One of the most challenging aspects of getting started with a financial plan is the idea of accountability and change in behavior. Busy lifestyles and poor habits leave little time for us to properly manage our hard-earned money. It often becomes a cycle of addressing problems as they arise, and otherwise sinking into an out of sight, out of mind mindset.
For some, the idea of managing money is that it is an unnecessary task, as long as there is money in the bank. The truth of the matter is you can get away with not having a spending plan for your money—simply do not allow your spending to exceed your income. It really is that simple. However, the point of this is to do more than simply get by. It is about getting to the next level financially, and in order to accomplish this task, you absolutely have to start by completing a cash flow awareness exercise. It truly is not possible without it.
You have to know two things in order to make progress with anything you are doing:
- You have to know where you are
- You have to know where you are going
The reality for most people is that money seems to come into our lives, but quickly leaves month after month and year after year, and people have little understanding of where the money goes and how it is spent. It does not have to be that way, and you do not need an accounting degree or a sick fascination with numbers and spreadsheets to track your cash flow.
The purpose behind cash flow awareness is not to make ends meet, but rather to properly organize your money, which allows you to create wealth, and avoid debt. It is a fairly straightforward process, which need not take a lot of time if you follow a few basic steps and be able to answer questions like these at the end of a year:
- How much income did you earn?
- How much in taxes did you pay?
- How much money did you save in government plans?
- How much money did you save in non-qualified accounts?
- How much money did you spend on reoccurring expenses?
- How much money did you spend on big-ticket purchases?
- How much profit did you make?
Being able to answer these questions may require you to change how you have always done things, but it can make a difference in how you think about your money.
Once you have this information, you will begin to see that your planned spending ties directly into your goals, which is the next step.
In order to have a properly organized budget, you have to identify chronologically the purpose of the money you have, and understand how and when you plan to use it. It is good ideas to take some time and begin writing out your short-term goals, which may include anything you need money for within the next two to five years. This should include money designated for emergencies, home repairs, furniture, or a new car. The defining purpose of this money would be categorized as money you will spend.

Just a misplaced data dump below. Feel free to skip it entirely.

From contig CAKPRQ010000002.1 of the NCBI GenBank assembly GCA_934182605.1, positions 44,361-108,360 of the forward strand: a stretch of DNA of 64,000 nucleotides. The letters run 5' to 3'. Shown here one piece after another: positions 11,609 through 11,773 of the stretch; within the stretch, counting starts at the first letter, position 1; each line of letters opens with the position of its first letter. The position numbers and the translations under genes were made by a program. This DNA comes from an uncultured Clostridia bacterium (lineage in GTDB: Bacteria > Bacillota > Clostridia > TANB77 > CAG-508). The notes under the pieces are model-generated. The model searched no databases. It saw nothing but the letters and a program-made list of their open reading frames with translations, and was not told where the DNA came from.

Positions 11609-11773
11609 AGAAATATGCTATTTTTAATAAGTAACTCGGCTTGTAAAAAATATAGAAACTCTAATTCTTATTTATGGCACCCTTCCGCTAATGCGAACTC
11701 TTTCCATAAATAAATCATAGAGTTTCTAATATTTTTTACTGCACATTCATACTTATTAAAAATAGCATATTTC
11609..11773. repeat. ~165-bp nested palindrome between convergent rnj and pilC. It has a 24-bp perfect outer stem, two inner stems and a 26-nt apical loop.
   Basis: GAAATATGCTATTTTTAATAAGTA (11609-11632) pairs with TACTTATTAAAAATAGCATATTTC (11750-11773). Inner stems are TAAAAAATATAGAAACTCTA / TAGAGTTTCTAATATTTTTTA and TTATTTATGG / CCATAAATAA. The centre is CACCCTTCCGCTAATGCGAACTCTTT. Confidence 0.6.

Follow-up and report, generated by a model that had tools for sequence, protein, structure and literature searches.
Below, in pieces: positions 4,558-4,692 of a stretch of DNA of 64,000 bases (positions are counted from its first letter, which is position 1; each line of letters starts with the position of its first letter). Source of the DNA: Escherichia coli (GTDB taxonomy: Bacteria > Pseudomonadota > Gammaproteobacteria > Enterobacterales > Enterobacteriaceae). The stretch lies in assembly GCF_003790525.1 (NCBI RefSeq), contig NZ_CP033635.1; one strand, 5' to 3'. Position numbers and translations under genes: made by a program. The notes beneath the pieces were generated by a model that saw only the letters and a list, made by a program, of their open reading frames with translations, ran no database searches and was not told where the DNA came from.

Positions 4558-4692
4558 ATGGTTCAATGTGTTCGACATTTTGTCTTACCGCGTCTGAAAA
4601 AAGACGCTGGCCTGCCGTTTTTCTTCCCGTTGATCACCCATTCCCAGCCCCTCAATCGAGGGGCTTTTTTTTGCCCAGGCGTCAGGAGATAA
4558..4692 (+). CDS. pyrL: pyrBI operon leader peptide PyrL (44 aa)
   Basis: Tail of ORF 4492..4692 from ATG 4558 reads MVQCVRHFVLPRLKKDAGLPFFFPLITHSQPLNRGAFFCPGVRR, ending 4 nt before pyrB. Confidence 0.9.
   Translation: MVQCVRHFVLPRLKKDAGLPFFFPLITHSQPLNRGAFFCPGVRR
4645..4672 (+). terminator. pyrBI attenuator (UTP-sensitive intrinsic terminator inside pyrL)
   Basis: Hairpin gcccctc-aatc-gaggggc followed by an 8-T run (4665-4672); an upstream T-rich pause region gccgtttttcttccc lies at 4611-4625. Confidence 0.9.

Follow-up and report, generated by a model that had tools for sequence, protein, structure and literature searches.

Once you have a very clear outline of your short-term needs, take your vision a little further down the road and begin thinking about your medium-term goals. This would include anything you want money for within a time frame of roughly five to twenty years, or leading up to retirement. This should include things such as a new home or financing a child’s education, perhaps taking a dream vacation, or starting the business you have always wanted to open. The defining purpose of this money would also be categorized as money you will spend.
Finally, list your long-term goals. This would include such things as retirement. This is often a category where you acknowledge that the purpose of the money is for income generation and will be used to support your living expenses and other budgetary needs.
The purpose of this process is to help you visualize and define what you want to accomplish, and when you will need your money. It is a chronological road map for your finances and will serve as a compass when organizing your budget.
When making a purchase or investment decision, referring to this plan will assist you in recognizing what is most suitable.
If you have a question let me know. I receive a lot of money related questions and do my best to answer questions within 24 hours or so.
The article and opinions in this publication are for general information only and are not intended to provide specific advice or recommendations for any individual. We suggest that you consult your accountant, tax, or legal advisor with regard to your individual situation. Kalos Capital, Inc. does not provide tax or legal advice. The opinions and views expressed here are for informational purposes only. Please consult with your tax and/or legal advisor for such guidance.